A hundred years ago, in the summer of 1911, all eyes in Europe were on North Africa. Agadir and Tripoli were cities which made news headlines then as they do now – albeit for different reasons. Then, as now, European battle ships were sent to the Mediterranean Sea and positioned just off the North African coast, although then they were not intended to intimidate North African rulers. Rather, imperial rivalries led to conflict in northern Africa and threatened to embroil Europe in war. The so-called Great Powers had vied enviously with each other over diminishing potential to expand their spheres of interest in Africa which, at the beginning of the 20th century, had been all but carved up.
In April 1911, in a move that was contrary to international agreements, the French sent troops to Fez to put down a revolt in Morocco and, by implication, to extend their influence over that country. Objecting to France’s ‘dash on Fez’, Germany’s leaders tried, as they had previously done in the Moroccan Crisis of 1905, to assert Germany’s claim as a great power which could not simply be ignored in colonial affairs. In order to protest publicly about this perceived injustice, Germany’s decision-makers dispatched a gun-boat to intimidate the French.
The dispatch of the German gun-boat Panther to the Moroccan port of Agadir on 1st July 1911 marked the beginning of the second Moroccan Crisis (or Agadir Crisis). Germany felt provoked by French military intervention in Morocco which amounted in effect to the establishment of a French protectorate in Morocco. This was a move that ran counter to the Algeciras Agreement of 1906 and to the Franco-German agreement on Morocco of 1909.
This act of ‘gunboat diplomacy’ brought Europe to the brink of war during the international crisis that ensued – one of many which preceded the outbreak of the First World War. Germany’s pretext for getting involved was the protection of German citizens and German business interests in Morocco. The Times reported on 3rd July:
The issue was, however, much more about European concerns than colonial ones. As in the previous Moroccan conflict, Germany was intent on asserting her status as a great power, and on ensuring adequate compensation for any gains that another power made on the imperial stage, with an eye to weakening the Entente Cordiale between France and Britain in the process. The public response to Foreign Minister Kiderlen-Wächter’s forceful foreign policy was largely positive, even enthusiastic, and, not surprisingly, the mood among Germany’s leading military men was far from peaceable. They advocated unleashing a war over the Moroccan issue, especially in view of the relatively favourable military situation at the time. Russia’s attitude towards Germany was reasonably positive, and it seemed possible that she might choose to stay out of a conflict over Morocco, leaving Germany free to focus her military efforts on France.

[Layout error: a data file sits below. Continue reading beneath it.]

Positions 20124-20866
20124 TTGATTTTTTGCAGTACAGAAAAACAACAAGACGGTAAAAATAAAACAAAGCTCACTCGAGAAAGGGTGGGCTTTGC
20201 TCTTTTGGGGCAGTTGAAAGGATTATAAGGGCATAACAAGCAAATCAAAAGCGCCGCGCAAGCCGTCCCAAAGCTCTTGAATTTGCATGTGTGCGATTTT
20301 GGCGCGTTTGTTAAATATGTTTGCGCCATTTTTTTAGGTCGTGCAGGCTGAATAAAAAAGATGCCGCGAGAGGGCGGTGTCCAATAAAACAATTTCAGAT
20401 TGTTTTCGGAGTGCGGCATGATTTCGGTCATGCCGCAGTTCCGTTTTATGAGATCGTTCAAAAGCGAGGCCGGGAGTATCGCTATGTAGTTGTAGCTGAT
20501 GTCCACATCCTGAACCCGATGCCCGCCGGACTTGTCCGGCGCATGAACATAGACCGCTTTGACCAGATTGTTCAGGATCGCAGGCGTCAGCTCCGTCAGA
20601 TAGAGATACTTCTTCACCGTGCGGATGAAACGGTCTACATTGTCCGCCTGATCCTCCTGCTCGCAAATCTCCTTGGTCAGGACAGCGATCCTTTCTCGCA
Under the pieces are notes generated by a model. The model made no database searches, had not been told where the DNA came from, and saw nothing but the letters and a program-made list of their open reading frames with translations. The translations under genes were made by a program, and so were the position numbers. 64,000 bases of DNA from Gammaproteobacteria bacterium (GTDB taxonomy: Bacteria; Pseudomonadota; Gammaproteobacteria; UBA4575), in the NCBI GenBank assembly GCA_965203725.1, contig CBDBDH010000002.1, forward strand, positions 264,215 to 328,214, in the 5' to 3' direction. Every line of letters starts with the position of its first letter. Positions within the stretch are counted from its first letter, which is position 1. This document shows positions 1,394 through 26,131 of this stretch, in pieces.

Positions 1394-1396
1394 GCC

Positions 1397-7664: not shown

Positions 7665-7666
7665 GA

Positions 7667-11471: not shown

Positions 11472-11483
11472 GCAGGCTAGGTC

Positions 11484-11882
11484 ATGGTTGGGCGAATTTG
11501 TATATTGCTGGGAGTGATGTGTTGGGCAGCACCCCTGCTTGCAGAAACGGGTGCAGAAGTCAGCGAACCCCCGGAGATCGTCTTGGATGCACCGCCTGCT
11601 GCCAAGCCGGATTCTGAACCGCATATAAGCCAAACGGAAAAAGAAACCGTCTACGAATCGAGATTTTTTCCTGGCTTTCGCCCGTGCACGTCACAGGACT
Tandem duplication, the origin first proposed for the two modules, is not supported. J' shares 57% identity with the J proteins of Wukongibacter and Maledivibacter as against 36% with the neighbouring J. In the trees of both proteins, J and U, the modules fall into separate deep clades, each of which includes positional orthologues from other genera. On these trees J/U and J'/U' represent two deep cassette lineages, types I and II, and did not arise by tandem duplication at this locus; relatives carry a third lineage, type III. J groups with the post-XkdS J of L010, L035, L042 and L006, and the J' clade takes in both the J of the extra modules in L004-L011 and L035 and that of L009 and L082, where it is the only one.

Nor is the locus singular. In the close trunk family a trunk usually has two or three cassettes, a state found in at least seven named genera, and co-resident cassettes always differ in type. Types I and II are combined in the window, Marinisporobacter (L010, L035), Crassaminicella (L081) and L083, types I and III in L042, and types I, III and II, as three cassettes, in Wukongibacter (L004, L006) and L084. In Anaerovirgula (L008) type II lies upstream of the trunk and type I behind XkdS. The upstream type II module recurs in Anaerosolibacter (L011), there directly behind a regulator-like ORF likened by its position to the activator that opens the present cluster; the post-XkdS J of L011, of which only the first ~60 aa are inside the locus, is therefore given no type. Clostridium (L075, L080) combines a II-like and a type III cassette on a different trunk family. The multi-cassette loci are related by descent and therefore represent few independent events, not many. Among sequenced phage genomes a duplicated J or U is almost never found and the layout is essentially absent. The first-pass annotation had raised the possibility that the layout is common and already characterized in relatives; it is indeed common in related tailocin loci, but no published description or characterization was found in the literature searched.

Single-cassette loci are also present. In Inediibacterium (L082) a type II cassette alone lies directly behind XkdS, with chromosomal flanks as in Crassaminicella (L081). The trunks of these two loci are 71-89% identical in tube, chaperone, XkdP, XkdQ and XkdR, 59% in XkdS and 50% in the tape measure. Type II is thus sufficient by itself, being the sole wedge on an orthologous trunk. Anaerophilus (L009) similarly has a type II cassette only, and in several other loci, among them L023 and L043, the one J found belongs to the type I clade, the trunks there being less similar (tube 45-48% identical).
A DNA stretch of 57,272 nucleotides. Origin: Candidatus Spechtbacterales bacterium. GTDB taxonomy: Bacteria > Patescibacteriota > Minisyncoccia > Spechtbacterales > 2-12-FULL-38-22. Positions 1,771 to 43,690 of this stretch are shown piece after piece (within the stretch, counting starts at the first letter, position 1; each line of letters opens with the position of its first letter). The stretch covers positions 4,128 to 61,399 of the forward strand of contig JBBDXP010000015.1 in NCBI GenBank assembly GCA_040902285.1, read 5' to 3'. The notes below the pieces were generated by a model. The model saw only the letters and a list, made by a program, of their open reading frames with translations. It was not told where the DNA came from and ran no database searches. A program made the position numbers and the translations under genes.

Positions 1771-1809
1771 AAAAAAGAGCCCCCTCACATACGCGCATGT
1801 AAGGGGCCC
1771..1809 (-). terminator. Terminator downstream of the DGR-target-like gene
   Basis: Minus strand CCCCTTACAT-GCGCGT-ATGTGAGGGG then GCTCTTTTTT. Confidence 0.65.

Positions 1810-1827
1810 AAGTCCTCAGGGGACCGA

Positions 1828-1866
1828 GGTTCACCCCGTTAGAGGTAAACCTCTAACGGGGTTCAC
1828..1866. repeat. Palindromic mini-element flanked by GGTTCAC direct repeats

The Bavarian military attaché to Berlin, Ludwig von Gebsattel, reported on 3 September: 'In military circles, particularly here in Berlin, the mood is more war-like than a little while ago, more war-like than I myself thought a few days ago. On our side – high-ranking, too – it is emphasized that we should use the situation, which is relatively favourable for us, to strike'.
However, as during the First Moroccan Crisis, France received support from her Entente partner Britain, and the links between the two countries were only further strengthened in the light of German aggression. While Britain was now more wary of Germany, the latter, in turn, developed a hostile, anti-British mood. Following David Lloyd George’s Mansion House speech on 21 July 1911, when the British Chancellor of the Exchequer warned Germany against any acts of aggression towards France, Britain became an antagonist in the eyes of the German public. Lloyd George made it plain that Britain intended to stand by France, threatening to fight on France’s side against Germany if the need arose. The speech caused great indignation in Germany. It confirmed what many in Germany felt they had known all along: that in a future war (which seemed inevitable to most contemporary observers) Germany would face France, Britain and Russia in an epic struggle.